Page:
Ruth J. Gruen, R.N., M.A. is an A.S.P.O./Lamaze certified childbirth educator, U.C.L.A. certified lactation consultant, and a licensed marriage, family and child therapist. Ruth has a “new mom” support group that meets weekly and she also teaches parenting classes. She has been in private practice in West Los Angeles for the past 7 years and can be reached at (623)322-1938 E-mail:email@example.com
We all have heard that “breast is best.” But why? Breastfeeding provides the most complete and nutritionally-superior food for me. It provides anti -bodies so that I will get sick less often and have fewer allergies. Studies have shown that breastfeeding infants get diarrhea and ear infections less often. If I do get sick, I can continue to breastfeed and I will get well faster. When I spit up it will not smell so bad or stain our clothing. My stools will also smell better and I won’t get constipated.
Colostrum, or “liquid gold,” as some people call it, acts as a laxative to help me pass meconium, the black, tarry stool that is in my intestines at birth. This helps to keep me from getting jaundice. Colostrum is present in your breast from about six months of pregnancy until I am three- to five-days old. That’s when your mature milk arrives. Colostrum is very high in protein and immune factors that will protect me as a newborn. You may not see much colostrum or even be able to express any yourself because it is very thick. However, if you butt me to your breast often, I will get plenty. The more frequently I nurse, the sooner your thinner, mature milk will come in.
Breastfeeding me is very convenient for you. I don’t have to wait for you to prepare formula or warm bottles. We’ll both appreciate that in the middle of the night. I also like the warmth of skin-to-skin contact, being held very close and being able to look right into your eyes. That helps me bond with you and feel secure and loved.
Nursing me has other health benefits for you as well. Every time I nurse, you will feel some uterine contractions which will cause your body to get back to its original size and shape faster. You will also lose weight without actually dieting because making milk for me inside your body takes about 500 to 800 calories per day.
Please remember to eat a nutritionally-balanced diet and get plenty of rest every day. This may seem difficult at first because I will be very demanding. I may even want to nurse every one to 1 1/2 hours, especially the first week. But, hang in there, please! It will get much easier as I get bigger and can hold more food. Besides, the more I nurse, the more milk you will have. That’s the way it works. It’s called supply and demand. I demand and your body will supply exactly what I need. Isn’t that amazing? I call it a miracle — just like my birth.
Since we both may be very tired for the first few days, try taking me to bed with you and nurse me while you are lying down. We can both fall asleep and get more rest that way. Did you know that moms who breastfeed have a lower incidence of breast cancer prior to menopause? That is especially important if there is a history of breast cancer in our family.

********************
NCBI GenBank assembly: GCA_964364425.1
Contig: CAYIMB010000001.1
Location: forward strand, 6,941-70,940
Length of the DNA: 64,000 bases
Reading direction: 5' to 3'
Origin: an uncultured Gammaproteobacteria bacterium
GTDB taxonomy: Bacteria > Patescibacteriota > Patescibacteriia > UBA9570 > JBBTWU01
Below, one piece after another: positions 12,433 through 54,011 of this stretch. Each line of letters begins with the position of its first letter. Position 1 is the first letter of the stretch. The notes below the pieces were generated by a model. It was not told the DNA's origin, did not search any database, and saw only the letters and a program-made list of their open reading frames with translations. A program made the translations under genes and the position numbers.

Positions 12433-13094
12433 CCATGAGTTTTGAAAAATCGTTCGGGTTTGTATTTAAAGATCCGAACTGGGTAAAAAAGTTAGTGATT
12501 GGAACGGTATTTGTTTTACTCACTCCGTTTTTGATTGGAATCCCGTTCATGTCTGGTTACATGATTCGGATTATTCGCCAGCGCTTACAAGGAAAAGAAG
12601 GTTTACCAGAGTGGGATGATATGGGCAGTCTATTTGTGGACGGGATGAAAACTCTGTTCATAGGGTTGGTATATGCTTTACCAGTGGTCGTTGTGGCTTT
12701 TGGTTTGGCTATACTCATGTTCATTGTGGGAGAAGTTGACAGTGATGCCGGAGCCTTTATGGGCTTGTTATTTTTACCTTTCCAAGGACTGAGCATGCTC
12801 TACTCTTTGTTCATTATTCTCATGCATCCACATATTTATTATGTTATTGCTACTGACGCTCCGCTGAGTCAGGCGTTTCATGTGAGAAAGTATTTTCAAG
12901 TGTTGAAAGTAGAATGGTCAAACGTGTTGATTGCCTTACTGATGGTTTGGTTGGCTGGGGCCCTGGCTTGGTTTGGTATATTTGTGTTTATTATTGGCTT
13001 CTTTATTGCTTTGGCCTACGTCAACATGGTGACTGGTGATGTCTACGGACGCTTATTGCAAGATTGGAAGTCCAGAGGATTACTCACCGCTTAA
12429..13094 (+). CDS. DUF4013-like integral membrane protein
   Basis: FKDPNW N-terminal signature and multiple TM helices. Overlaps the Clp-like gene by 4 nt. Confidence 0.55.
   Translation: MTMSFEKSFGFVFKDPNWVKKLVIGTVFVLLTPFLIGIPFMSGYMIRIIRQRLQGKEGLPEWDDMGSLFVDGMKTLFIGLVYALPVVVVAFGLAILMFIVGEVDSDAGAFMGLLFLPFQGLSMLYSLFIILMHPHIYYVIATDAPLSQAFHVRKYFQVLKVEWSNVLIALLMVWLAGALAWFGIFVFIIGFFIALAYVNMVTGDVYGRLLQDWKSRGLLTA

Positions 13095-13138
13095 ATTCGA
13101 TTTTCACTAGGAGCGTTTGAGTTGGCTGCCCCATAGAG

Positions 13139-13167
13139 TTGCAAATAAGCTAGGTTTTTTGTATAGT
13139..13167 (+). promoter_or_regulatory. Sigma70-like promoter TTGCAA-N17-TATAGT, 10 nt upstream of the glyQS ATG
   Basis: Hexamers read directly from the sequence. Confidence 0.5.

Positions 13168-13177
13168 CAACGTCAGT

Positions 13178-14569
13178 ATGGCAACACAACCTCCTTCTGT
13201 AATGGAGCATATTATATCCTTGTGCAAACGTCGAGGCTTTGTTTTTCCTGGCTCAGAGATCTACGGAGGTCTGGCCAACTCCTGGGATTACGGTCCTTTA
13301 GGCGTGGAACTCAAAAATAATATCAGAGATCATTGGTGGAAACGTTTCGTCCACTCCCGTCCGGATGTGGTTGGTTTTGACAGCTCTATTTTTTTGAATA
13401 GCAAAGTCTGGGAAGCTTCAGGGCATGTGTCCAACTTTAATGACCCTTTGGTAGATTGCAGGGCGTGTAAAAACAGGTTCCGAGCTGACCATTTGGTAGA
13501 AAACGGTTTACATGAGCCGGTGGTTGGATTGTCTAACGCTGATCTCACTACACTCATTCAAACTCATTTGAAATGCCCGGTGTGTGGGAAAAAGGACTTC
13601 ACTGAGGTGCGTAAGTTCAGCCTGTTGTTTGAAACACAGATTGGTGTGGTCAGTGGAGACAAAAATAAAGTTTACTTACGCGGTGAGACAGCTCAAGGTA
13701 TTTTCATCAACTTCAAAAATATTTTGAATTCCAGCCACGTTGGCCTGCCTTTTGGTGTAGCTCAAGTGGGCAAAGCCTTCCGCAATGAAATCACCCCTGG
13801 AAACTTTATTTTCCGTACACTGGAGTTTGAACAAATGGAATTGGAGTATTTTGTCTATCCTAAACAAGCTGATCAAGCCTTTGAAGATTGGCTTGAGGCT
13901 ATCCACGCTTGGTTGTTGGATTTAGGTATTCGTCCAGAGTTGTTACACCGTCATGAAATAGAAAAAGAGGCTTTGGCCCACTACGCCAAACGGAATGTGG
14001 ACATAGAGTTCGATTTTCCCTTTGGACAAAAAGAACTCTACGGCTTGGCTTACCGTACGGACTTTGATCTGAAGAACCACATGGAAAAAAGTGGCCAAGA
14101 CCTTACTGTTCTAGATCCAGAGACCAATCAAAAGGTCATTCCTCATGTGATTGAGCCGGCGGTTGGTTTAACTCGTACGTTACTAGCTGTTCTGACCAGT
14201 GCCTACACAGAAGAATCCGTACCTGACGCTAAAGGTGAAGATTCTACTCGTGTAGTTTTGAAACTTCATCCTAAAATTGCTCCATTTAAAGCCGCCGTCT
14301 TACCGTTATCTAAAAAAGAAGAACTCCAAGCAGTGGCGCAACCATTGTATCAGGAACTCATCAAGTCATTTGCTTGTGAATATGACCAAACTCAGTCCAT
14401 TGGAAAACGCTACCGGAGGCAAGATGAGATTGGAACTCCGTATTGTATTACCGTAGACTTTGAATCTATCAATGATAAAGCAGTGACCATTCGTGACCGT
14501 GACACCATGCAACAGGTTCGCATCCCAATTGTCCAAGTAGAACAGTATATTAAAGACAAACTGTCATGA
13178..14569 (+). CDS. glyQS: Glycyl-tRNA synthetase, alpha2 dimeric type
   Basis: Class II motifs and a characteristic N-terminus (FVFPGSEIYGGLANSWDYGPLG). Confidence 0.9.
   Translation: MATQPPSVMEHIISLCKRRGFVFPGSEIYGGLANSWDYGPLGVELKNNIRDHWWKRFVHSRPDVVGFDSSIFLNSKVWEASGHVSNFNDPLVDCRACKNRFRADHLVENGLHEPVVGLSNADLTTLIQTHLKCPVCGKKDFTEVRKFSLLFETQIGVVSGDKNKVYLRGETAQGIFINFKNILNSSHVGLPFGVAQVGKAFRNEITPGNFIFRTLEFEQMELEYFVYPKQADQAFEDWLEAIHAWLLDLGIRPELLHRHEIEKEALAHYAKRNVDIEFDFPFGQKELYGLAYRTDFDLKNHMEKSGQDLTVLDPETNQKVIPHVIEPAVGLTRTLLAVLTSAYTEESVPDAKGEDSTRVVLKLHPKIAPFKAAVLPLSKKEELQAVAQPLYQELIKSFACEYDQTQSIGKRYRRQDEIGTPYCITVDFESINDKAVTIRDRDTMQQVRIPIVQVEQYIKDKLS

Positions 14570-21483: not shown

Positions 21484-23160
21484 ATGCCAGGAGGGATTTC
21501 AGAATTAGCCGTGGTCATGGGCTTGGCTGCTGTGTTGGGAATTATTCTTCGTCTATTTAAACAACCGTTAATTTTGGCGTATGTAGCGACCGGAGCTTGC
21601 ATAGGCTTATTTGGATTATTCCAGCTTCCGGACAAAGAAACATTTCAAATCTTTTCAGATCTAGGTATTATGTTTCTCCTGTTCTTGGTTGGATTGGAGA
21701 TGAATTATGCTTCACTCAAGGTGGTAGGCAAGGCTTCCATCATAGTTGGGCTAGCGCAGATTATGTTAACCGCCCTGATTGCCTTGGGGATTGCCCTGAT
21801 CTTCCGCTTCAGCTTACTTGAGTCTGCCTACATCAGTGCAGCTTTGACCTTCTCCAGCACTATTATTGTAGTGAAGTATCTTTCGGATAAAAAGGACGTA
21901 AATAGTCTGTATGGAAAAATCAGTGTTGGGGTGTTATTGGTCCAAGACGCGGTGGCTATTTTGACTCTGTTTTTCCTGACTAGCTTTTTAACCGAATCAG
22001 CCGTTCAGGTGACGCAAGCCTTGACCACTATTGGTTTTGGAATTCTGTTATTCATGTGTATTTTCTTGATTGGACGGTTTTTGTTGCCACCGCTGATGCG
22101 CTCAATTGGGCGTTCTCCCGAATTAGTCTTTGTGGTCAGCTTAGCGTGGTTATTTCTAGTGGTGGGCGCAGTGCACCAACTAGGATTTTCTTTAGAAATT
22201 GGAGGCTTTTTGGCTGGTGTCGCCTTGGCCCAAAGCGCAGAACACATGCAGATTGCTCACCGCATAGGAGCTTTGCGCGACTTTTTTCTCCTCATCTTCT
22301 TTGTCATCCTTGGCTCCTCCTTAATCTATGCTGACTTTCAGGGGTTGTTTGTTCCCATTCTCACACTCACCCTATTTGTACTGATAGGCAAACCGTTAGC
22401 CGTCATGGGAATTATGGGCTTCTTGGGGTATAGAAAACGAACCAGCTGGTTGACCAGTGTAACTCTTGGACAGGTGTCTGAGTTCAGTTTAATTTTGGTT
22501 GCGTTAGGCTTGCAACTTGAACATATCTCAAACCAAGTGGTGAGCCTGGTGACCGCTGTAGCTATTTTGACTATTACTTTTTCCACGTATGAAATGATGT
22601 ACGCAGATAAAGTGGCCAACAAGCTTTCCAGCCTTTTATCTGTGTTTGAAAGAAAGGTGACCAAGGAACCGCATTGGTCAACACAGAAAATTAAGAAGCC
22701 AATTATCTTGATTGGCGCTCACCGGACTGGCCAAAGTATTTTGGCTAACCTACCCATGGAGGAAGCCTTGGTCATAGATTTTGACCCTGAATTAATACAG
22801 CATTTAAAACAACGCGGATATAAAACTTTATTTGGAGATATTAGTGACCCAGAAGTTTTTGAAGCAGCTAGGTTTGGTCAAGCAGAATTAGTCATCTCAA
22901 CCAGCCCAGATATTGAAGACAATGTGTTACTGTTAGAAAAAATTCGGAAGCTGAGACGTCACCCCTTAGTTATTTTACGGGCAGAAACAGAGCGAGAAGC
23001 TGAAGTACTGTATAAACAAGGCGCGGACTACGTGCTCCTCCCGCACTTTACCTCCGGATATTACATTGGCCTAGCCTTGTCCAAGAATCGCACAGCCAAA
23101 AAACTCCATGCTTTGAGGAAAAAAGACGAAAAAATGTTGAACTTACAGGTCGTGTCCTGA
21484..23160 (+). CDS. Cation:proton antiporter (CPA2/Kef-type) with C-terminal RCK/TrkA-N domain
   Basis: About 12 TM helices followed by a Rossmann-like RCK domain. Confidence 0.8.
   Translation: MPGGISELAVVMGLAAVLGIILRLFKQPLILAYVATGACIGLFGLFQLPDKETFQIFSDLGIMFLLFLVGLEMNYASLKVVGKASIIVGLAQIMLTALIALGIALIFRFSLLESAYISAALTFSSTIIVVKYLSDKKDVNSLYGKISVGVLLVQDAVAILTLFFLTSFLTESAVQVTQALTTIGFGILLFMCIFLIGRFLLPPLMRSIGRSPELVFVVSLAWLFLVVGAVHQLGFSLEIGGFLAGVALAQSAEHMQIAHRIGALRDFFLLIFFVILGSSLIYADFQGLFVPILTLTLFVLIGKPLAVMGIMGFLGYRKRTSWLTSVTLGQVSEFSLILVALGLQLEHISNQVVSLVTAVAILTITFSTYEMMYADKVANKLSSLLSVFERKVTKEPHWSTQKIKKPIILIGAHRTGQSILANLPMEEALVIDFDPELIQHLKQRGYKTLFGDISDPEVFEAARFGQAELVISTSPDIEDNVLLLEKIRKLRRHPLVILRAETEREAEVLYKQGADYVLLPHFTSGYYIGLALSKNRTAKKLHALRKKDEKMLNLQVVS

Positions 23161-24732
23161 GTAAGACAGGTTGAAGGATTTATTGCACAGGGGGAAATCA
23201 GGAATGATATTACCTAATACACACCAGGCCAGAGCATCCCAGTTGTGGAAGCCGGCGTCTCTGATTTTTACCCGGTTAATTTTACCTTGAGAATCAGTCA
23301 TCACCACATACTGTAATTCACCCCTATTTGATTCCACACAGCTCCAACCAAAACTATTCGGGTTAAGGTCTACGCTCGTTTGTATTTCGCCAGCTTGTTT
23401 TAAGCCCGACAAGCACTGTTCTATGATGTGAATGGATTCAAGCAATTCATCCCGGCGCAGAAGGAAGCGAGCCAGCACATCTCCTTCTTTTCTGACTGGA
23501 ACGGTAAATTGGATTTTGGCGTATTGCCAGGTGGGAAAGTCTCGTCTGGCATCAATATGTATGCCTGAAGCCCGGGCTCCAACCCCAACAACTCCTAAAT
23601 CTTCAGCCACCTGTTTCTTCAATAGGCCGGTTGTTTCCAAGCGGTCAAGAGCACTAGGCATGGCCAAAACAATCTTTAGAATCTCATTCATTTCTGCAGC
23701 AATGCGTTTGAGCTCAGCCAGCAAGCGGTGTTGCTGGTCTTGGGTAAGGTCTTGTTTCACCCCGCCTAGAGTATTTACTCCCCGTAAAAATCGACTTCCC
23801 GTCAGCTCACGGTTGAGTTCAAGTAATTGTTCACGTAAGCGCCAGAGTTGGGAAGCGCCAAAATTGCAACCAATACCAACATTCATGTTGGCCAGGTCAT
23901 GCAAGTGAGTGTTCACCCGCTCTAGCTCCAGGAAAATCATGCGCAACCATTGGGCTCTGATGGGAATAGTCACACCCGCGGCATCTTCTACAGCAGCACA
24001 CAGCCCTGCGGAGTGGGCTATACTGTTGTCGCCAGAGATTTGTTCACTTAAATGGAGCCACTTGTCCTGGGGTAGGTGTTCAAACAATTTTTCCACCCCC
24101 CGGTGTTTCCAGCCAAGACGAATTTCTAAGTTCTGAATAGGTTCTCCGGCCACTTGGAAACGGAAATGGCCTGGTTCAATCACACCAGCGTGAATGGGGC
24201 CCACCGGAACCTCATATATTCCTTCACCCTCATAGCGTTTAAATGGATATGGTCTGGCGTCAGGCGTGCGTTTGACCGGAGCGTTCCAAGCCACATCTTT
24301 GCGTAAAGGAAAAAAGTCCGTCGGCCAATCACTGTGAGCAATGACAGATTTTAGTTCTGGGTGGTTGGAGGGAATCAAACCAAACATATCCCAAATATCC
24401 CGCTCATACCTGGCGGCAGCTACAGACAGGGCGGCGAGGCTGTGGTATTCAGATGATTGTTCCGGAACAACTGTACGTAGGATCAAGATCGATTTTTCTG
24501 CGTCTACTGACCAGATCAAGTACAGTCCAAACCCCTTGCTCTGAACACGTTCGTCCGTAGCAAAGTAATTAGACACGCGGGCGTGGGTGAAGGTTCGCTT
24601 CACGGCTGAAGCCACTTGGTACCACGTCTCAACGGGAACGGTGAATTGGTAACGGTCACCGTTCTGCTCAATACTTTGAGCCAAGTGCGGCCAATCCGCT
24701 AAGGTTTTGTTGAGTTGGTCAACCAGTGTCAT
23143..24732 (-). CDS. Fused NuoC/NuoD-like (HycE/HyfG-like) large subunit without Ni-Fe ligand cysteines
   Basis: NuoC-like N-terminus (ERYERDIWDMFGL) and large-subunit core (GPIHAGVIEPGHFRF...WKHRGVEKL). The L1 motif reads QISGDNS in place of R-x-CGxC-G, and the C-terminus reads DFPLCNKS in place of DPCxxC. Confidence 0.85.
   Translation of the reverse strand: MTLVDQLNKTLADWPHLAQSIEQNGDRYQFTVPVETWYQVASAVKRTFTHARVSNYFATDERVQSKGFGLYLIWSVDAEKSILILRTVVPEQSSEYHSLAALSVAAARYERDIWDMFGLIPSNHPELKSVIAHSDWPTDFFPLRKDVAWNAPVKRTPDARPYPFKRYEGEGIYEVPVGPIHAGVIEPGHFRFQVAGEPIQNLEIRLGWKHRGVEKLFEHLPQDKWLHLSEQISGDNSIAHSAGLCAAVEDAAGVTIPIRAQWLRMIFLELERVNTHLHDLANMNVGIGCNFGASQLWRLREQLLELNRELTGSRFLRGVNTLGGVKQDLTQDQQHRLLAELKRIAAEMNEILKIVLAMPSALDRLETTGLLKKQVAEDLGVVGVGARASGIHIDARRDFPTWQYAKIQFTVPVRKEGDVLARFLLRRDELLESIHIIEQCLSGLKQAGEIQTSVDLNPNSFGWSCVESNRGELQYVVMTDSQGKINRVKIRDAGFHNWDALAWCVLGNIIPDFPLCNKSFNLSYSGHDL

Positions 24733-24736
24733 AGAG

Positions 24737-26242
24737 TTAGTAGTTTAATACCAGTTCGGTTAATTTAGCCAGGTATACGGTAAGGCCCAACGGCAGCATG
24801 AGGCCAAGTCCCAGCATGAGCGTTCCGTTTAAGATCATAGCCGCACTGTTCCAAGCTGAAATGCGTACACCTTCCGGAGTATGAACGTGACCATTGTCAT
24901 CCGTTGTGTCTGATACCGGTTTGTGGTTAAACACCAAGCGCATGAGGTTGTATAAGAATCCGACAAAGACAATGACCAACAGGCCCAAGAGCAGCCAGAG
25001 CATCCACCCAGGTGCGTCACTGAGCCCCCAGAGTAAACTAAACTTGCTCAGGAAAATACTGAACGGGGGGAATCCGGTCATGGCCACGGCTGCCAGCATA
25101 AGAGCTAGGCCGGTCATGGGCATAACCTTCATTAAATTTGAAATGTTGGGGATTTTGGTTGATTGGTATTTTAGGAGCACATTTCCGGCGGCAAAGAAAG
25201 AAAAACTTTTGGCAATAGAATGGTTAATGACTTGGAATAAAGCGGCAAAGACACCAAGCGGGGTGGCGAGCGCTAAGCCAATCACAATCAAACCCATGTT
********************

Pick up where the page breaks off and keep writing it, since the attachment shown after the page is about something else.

Even though we both want this to work, and we know it’s the best way to feed me, it may not start off as easily as we’d like it to. After the first two hours of my life, I may get very sleepy and be difficult to wake for feedings. Nevertheless, I do need to nurse every two to three hours and you need to have the nipple stimulation and emptying of your breast in order for your mature milk to come in. Remember, the more frequently I nurse, the sooner your milk will come and the more milk you will produce.
If I sleep too long and don’t get enough colostrum, I might get more jaundice and that can make me even more sleepy. By undressing me and tickling my feet or rubbing my back and moving me gently, you can wake me for feedings. When I nurse, we may both get very sleepy because the release of prolactin and oxyocin causes a release of tryptophan into your blood stream and into my milk supply, which induces sleep. I especially love to fall asleep in you arms . So, put your feet up and get comfortable while we enjoy this very special time together.
I’ve heard that some moms get severe breast engorgement when their milk comes in. By taking a warm shower or applying warm, moist compresses, and expressing some milk by hand or using a good breast pump prior to nursing me, will help soften your breasts so that I can latch on easier. Breastfeeding is not supposed to hurt, but some moms get nipple soreness because they don’t hold their babies close enough to their breasts and their baby has to hang onto the end of their nipple. You may feel some discomfort when I first latch on, but that should be gone within just a few seconds and all you should be feeling is a gentle tugging.
I may get fussy and cry when you think I shouldn’t be hungry. Or, you may think you don’t have enough milk to satisfy me because I fuss and want to nurse often. This is normal newborn behavior. I might be having a bowel movement or I might have an air bubble in my tummy that’s bothering me or maybe prevented me from eating as much as I’d like to. My diaper might be wet or dirty, my bottom might be sore, I could be bored, or maybe I’m just “missing the womb.”
Before birth, I was kept nice and warm at all times. I felt weightless and could move my arms and legs easily. I might have even been sucking my thumb. I never felt any physical discomforts or hunger and I heard the steady rhythm of your heartbeat and breathing.
If things really get out of hand and you feel frustrated or get upset, you can get practical help and support from your local chapter of La Leche League or a Certified Lactation Consultant in your area. Many of them will make hospital and home visits. It also helps if you choose a health-care provider for us that is knowledgeable about, and in favor of, breastfeeding. Sometimes all you need is support and reassurance.